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Tidal Inlets, Deltas and Flats
The Influence of Flocculation on Cohesive Sediment Transport in a Microtidal Estuary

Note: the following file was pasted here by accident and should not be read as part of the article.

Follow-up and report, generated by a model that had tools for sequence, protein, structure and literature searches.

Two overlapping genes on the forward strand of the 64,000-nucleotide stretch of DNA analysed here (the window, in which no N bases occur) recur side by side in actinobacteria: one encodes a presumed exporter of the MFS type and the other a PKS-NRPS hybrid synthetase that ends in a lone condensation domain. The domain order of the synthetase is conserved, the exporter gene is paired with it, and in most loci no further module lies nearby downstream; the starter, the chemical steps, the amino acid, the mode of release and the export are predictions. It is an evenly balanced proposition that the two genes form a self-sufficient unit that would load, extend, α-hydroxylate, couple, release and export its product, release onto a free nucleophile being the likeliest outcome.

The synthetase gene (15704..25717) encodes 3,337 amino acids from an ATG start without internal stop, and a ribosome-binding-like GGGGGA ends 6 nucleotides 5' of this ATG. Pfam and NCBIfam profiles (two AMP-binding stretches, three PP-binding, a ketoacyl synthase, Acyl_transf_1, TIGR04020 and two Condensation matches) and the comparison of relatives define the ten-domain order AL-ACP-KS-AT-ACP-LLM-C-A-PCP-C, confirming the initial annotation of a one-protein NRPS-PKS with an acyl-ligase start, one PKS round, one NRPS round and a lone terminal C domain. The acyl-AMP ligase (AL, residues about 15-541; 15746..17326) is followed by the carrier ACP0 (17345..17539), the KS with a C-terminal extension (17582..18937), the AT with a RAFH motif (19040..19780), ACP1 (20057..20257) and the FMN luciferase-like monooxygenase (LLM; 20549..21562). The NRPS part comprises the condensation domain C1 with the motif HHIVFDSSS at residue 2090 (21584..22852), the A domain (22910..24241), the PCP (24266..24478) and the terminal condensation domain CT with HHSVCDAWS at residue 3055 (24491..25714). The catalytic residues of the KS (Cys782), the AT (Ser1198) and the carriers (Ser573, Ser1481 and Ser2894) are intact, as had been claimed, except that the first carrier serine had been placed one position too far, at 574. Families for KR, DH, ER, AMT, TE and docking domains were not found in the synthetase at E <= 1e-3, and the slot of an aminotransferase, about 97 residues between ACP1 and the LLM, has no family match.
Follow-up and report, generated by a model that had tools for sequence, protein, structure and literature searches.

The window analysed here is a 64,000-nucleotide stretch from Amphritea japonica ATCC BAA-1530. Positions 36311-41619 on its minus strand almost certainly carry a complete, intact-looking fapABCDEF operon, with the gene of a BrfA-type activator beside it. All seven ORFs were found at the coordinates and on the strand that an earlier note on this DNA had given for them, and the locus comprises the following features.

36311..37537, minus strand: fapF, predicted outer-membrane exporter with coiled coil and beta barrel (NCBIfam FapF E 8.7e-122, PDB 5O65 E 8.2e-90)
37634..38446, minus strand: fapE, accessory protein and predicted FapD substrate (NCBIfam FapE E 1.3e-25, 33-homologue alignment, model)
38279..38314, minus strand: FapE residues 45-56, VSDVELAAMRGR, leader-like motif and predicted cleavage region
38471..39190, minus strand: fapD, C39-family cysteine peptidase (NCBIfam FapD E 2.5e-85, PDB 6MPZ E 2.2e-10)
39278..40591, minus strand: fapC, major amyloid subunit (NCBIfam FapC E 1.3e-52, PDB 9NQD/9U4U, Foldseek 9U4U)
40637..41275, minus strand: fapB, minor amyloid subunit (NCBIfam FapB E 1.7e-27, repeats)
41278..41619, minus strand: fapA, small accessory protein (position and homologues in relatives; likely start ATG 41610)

Salt flocculation causes small clay- and silt-sized particles in estuarine waters to coagulate, resulting in much higher settling velocities than that undergone by the original single particles. Thus, the flocculation process changes the behavior of suspended cohesive sediment as it enters the estuarine environment. In the Gradyb tidal area of western Denmark, it can be shown that suspended concentration of cohesive sediment controls about 80 per cent of the variation in median settling velocity of cohesive suspended sediment; higher concentrations give increasingly higher settling velocities. In addition, wind speed influences the concentration level of suspended sediment. As a rule, settling velocities will generally be higher during periods of high wind speed and this will enhance the efficiency of settling and scour-lag processes. Over a three week monitoring period, measurements show an ebb oriented net transport during calm weather periods and flood oriented net transport during periods of high wind speed. This shift is thought to be due to the formation of larger sediment flocs during adverse weather periods. Such a mechanism may be an important controlling factor on the transport of cohesive sediments in shallow, microtidal areas with fairly high suspended concentrations of cohesive sediment.
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